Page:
bits:
          Resurrection: Paul is dabbling a lot about resurrection(s) in his
          epistles. It all started in 1Th4:13-18: There Paul is answering a
          question of great concern for the newly Gentile converts of
          Thessalonica. To their surprise, some of them died, before the arrival
          of the Kingdom. Paul's solution: They will resurrect to be part of it.
          And then, what about Jesus? In 1Th4:14 Paul declares innocently that
          Jesus has risen (emphasis on spiritual resurrection), but it is a matter
          of BELIEF. Immediatly, Paul corrects himself by invoking the dubious
          Lord's own words from a definitively resurrected Jesus, but that seems
          to be an afterthought, repairing the damage of 1Th4:14.
          At that times, the prevalent Jewish Christians believed that Jesus, as
          the future King (Lord, Christ), after his death went to heaven
          (Heb9:24), to sit at the right hand of God as the Son of Man (or Adam)
          (interpolated from psalms: see Heb1:13,2:6), until God prepares the way
          back for him to his earthly Kingdom.
          Later on, Paul, who was leaning towards spiritual resurrection(s)
          (1Co15:44,46), had to contend with the competition of Jewish Christians.
          For them, the Kingdom was to come on earth for the "alive then" and the
          resurrected ones, all of them in a flesh and blood form. Paul rejected
          "flesh and blood" (Paul's moved the Kingdom to heaven, not to have any
          problem on the political front, especially among the Gentiles, some of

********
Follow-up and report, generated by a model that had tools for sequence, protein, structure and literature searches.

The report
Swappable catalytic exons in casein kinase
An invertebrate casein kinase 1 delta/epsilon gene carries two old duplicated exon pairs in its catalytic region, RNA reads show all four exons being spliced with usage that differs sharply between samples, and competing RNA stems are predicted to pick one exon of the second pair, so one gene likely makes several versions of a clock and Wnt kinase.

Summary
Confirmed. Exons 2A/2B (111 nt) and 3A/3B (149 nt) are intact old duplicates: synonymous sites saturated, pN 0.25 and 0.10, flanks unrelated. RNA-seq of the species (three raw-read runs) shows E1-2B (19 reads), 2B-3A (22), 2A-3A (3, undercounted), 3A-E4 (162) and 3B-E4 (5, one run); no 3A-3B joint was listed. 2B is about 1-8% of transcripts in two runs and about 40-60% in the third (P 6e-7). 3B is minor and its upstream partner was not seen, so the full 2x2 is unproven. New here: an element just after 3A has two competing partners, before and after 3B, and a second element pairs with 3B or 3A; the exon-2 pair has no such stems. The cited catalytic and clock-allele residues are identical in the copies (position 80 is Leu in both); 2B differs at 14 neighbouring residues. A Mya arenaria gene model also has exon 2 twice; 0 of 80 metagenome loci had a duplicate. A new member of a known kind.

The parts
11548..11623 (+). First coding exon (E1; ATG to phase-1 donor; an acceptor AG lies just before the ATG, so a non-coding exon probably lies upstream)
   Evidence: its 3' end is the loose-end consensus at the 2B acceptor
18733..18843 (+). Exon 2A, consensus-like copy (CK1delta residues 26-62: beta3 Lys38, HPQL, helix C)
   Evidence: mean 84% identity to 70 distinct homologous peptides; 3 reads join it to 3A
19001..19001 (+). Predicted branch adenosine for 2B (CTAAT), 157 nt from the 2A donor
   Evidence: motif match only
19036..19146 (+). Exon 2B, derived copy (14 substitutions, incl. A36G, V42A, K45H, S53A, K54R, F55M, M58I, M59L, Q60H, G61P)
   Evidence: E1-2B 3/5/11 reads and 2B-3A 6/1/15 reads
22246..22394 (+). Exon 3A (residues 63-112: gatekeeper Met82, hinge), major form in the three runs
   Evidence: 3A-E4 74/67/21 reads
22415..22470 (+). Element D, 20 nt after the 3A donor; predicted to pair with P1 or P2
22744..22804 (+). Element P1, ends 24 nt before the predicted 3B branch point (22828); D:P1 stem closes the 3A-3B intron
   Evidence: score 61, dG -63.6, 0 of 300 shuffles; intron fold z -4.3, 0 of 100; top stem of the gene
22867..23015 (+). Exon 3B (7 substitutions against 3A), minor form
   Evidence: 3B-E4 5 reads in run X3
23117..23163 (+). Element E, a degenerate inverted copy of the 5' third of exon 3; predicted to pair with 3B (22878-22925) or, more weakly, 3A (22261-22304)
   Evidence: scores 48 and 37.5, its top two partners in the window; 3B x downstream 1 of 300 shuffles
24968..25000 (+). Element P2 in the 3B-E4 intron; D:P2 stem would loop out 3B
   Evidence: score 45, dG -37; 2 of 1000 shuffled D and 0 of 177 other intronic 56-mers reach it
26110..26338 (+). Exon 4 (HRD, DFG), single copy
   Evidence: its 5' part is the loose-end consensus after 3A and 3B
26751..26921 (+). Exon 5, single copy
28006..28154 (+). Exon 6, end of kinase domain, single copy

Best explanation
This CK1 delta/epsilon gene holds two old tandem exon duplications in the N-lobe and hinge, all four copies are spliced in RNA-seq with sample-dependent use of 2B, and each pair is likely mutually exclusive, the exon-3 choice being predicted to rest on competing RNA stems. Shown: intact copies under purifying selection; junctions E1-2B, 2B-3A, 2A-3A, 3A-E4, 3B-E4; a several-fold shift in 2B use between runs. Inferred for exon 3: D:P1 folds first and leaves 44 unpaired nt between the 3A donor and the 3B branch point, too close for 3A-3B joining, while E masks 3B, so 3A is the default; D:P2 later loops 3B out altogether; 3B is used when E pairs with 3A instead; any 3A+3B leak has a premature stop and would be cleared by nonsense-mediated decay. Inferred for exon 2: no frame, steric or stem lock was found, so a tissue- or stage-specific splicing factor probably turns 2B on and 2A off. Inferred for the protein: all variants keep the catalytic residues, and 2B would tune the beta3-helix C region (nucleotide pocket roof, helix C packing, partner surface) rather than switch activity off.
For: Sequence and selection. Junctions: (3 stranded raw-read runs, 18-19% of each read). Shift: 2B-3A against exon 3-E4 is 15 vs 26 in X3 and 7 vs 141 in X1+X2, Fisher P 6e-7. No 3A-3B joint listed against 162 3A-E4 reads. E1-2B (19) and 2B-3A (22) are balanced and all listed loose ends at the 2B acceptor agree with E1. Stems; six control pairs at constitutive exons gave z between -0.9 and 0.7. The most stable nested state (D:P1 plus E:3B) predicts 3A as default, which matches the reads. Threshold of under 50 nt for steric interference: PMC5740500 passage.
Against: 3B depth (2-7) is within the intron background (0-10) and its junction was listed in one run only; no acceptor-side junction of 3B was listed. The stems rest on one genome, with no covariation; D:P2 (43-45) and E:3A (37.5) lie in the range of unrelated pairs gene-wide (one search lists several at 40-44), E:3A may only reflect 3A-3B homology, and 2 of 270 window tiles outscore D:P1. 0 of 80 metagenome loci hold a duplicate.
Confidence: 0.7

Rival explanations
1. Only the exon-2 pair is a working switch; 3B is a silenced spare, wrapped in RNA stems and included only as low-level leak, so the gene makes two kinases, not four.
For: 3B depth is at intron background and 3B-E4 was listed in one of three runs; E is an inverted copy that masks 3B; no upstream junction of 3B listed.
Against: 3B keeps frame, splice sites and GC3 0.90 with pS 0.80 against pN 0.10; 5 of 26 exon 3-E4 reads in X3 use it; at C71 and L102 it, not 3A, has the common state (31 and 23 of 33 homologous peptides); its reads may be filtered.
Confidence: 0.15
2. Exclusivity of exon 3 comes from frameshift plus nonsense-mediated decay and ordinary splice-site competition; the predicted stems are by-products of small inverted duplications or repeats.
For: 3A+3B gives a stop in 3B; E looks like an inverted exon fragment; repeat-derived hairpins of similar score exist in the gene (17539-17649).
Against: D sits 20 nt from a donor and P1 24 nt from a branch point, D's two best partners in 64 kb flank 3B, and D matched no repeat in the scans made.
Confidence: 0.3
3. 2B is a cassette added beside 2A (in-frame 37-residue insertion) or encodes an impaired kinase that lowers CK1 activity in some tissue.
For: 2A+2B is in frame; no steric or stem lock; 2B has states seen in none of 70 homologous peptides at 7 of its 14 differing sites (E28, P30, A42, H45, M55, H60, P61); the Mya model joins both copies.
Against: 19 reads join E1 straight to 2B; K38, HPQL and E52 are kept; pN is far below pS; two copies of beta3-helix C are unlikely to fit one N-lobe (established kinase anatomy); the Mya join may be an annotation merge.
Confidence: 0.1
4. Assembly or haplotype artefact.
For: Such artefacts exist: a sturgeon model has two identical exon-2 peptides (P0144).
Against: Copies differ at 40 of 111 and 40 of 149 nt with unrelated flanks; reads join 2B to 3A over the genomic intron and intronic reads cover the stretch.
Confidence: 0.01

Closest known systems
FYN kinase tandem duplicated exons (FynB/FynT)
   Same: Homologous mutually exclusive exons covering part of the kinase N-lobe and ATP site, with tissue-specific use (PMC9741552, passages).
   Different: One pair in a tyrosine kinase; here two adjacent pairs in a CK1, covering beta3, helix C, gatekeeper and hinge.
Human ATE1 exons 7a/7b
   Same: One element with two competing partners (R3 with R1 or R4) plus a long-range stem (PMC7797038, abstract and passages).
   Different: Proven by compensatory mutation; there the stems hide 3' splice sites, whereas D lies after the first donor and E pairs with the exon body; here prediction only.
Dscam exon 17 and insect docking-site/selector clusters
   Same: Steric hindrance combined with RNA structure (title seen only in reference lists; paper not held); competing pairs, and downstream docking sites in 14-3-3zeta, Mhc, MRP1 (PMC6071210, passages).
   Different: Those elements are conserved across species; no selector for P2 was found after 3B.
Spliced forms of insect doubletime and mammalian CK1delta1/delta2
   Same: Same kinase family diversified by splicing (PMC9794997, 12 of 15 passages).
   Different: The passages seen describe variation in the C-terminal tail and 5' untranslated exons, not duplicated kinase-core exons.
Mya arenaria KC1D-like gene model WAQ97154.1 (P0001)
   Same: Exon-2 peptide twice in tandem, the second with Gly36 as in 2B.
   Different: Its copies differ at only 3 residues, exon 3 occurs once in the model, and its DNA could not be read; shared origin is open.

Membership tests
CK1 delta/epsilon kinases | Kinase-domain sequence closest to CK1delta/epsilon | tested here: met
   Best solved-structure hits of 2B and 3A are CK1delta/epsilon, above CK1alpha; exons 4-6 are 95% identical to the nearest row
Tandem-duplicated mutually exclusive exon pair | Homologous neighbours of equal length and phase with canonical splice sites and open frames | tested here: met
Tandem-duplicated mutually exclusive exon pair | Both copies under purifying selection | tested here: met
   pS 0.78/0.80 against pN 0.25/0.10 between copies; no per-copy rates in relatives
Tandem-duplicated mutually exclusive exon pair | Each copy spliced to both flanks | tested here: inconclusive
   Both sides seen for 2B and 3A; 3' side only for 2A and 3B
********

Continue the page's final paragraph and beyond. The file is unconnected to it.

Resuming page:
them Roman citizens), but allowed for a more physical resurrected body.
          From that point on, stories about Jesus reappearing as a stranger
          (Lk24:13-32, Jn21:1) must have been voiced. Also the Assumption of Moses
          cleared the way to "prove" that one can die, be buried and then go to
          heaven, body and soul.
          The next step was the empty tomb in Mark's gospel. Later, Jesus in a new
          body (NOT a ghost!) appears to his disciples (Lk24:36-42). Later in
          Jn19:24-28, Jesus appears in his own body.
          Note: I am certain that 1Co15:3-11 and Jesus reapparitions in Matthew's
          gospel were late additions.

          Virgin Birth: Certainly that is not in Paul's epistles. On the opposite,
          Ro1:3, alludes to a genetic human father.
          The situation in the 70's and 80's was as follows:
          The Jewish Christians had come to accept (most likely through Mark's
          gospel) Jesus as the Son of God, but only as a title.
          The Gentile Christians, of course, were inclined to believe that Jesus
          was the pre-existent Son/Word of God (which was heretical for Jewish
          Christians). In this context, the Virgin Birth appears to be a
          compromise solution. Of course, stories of earthly women made pregnant
          by god(s), were common place in the Hellenist world; the union resulting
          in legendary figures (example: Hercules) or Greek philosophers
          (example: Plato) or many others. Even Philo of Alexandria, a eminent
          Jews, proposed this hypothesis relative to births during the O.T.
          patriarch's era. In Josephus' Antiquities, there is a story about a
          Roman aristocratic lady who sexually offered herself to a god.

          > Question 2: How much did the teaching of Paul influence what was written
          > in the canonical gospels? How much did it influence which gospels were